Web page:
locate those pages that deal with the questions and issues you’re
interested in.

78

Reading Purposefully 79

For most books this is all you will need to do. However, there are
those books that have very misleading chapter titles, which tell you
very little about the content of each chapter. The same books may also
have a short and unhelpful index. In this case you’ll find it helpful to
read the first paragraph of each chapter, where the authors explain
what they will be doing in this chapter, and then the last paragraph,
where they explain how they’ve done it.

Failing this, and this will be rare indeed, you can skim each
page, picking up a general impression of the contents of each chapter.
Alternatively, if you know the specific problem you want the book
to address, you can scan each page swiftly, looking for those key-
words through which you can find the answers. It’s surprising just
how effective both of these strategies can be, but they will only work
well if you’ve already pinned down the issues clearly in the inter-
pretation stage.

In a nutshell

Check:

• the contents page;
• the index;
• chapter headings;
• the first and last chapters;
• summaries at the end of the chapters and at the end of the book;
• the first and last paragraphs in each chapter.
• Skim the text for a general impression of the contents, key ideas and

structure.
• Scan for keywords.

Through this process you should be able to answer a number of import-
ant questions which will determine exactly how you use the text:

1 Is it relevant?
2 If so, what sections?
3 What approach does it take?

• Is it too difficult?
• Or too technical?

80 Research

This underlines again the importance of flexibility in the way we
approach our work. We have three different reading strategies to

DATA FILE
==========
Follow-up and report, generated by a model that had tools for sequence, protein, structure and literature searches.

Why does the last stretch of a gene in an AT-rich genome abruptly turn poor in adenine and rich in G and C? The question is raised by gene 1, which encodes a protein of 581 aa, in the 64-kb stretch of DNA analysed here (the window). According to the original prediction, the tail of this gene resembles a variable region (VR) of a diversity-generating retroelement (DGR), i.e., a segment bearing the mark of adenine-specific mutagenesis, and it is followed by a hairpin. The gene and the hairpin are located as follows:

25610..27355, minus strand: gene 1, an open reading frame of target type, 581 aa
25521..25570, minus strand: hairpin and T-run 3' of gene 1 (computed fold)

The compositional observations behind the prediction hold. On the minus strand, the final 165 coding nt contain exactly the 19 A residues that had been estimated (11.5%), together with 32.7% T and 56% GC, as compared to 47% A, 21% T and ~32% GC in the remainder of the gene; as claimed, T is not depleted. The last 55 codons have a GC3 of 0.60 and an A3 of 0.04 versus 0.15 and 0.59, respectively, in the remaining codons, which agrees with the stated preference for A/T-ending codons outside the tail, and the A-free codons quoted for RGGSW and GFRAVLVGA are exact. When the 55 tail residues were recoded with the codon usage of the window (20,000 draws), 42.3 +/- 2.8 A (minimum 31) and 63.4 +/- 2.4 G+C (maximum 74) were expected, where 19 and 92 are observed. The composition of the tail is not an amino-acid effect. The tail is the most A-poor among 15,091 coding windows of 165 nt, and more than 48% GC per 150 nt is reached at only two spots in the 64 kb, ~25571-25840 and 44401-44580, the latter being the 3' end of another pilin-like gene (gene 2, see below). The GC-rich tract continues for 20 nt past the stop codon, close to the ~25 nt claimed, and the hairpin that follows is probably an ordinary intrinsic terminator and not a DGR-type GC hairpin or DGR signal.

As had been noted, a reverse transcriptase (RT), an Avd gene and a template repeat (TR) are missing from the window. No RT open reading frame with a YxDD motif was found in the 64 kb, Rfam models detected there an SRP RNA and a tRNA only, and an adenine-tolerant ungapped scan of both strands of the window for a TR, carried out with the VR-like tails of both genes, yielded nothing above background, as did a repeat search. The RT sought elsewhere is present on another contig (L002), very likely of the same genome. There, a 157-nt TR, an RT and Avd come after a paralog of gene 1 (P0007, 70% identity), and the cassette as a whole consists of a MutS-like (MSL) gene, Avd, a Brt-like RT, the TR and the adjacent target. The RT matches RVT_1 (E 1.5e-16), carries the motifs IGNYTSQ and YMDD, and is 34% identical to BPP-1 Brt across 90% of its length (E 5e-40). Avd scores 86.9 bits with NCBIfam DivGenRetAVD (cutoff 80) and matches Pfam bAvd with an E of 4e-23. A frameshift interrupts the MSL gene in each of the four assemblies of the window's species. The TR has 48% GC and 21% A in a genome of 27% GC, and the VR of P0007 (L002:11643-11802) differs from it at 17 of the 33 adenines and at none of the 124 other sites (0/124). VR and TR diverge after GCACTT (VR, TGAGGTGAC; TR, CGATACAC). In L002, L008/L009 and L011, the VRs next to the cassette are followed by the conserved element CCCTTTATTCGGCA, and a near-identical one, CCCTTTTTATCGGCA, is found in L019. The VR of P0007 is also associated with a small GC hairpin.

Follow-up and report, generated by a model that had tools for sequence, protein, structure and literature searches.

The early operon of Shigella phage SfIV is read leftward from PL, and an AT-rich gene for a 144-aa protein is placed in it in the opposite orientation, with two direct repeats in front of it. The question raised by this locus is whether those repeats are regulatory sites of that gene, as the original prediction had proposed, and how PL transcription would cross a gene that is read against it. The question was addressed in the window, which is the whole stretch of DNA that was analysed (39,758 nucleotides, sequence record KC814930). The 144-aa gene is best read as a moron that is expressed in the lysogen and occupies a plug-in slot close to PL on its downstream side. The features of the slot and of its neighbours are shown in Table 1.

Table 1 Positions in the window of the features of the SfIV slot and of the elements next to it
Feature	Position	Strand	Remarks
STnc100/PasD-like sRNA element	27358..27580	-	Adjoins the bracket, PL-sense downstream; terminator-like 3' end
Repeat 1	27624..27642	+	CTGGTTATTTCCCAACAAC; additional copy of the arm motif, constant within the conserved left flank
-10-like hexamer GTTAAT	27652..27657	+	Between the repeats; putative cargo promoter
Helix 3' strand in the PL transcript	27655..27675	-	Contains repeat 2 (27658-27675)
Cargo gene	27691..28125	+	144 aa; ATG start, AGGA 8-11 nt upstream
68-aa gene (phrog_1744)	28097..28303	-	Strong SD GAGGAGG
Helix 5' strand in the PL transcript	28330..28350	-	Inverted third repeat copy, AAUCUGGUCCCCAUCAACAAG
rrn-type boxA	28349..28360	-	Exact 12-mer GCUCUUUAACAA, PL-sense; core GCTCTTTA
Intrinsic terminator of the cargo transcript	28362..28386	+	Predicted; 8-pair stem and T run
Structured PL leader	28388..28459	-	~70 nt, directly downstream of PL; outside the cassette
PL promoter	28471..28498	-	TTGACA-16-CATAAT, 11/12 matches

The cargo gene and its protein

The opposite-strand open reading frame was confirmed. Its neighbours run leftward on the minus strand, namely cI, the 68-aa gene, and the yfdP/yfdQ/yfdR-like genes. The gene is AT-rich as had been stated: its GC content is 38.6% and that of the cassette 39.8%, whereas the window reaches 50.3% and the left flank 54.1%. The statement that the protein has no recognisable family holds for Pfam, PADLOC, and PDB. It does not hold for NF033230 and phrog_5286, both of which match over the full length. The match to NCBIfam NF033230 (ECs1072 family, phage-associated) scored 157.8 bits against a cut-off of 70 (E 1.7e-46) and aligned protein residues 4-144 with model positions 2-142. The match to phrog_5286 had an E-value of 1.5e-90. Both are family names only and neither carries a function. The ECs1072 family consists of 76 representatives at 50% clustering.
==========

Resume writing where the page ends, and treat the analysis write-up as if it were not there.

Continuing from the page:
choose from, each one appropriate to a different type of job.

1 We can read carefully word-for-word when we’re reading a text
or a passage we know is of central importance to our work, from
which we want to extract in our notes the detailed structure of the
main points and subsections.

2 In contrast, when we just want to pick up the general impression
of the contents, the key ideas and the broad structure of a text or
an article, then we would do better to skim it.

3 And, if we’re just looking for an answer to a specific question, say
a date, a name, a set of figures, or what the writer says about a
certain subject, then we need to scan it.

The key is flexibility and, in turn, the key to this is to read with
a clear purpose in mind, so you can choose the most appropriate
strategy.

Practice exercise 7
Reading purposefully

Faced with the following situations, decide which reading strategy would
best suit your purpose.

1 You’re given a 50-page report the night before a conference you’re
attending. Do you skim, scan, or read word-for-word?

2 You’re attending a press conference held by the head of state of a
country which has a very poor record on human rights. To prepare
yourself you refer to a detailed report on the country’s judicial system
compiled by Amnesty International. In particular you want to know
how many political prisoners are at present detained without trial and
the length of time they’ve been in custody. Do you skim, scan, or read
word-for-word?

Continued

Reading Purposefully 81

3 You’ve been asked to take over the job of secretary at your local
cricket club, because of the sudden illness of the current secretary.
You’ve got to compile an agenda for the next meeting by reading the
minutes of the last meeting. Do you skim, scan, or read word-for-
word?

4 After ordering it some months ago you receive a copy of the latest
novel by your favourite author. You start reading it on the train going
to work. Do you skim, scan, or read word-for-word?

5 You’re studying at a university on a scholarship grant. But the terms
of the grant are changing next year, which might mean you no longer
qualify. You’ve just received a copy of the new regulations. Do you
skim, scan, or read word-for-word?

Now compare your answers with those below.

Answers

1 Skim to get the general impression of the contents.
2 Scan to see what Amnesty says about political prisoners and their

detention.
3 Skim to identify those things that were discussed at the last meeting

and were to be raised again at this meeting.
4 Not wanting to miss anything, you read word-for-word.
5 You read them carefully word-for-word, like you would a legal docu-

ment, until you are completely clear one way or the other whether
you qualify.

᭤ In the next chapter

We can all see the common-sense of scanning the Yellow Pages in
search of the telephone number for a mechanic when our car has
broken down; but in our academic work it seems much more difficult
to use the same common-sense judgement. With many of us, as we’ve
already seen, the most likely reason is that we still harbour the belief
that to pass an exam we must accumulate as many right answers as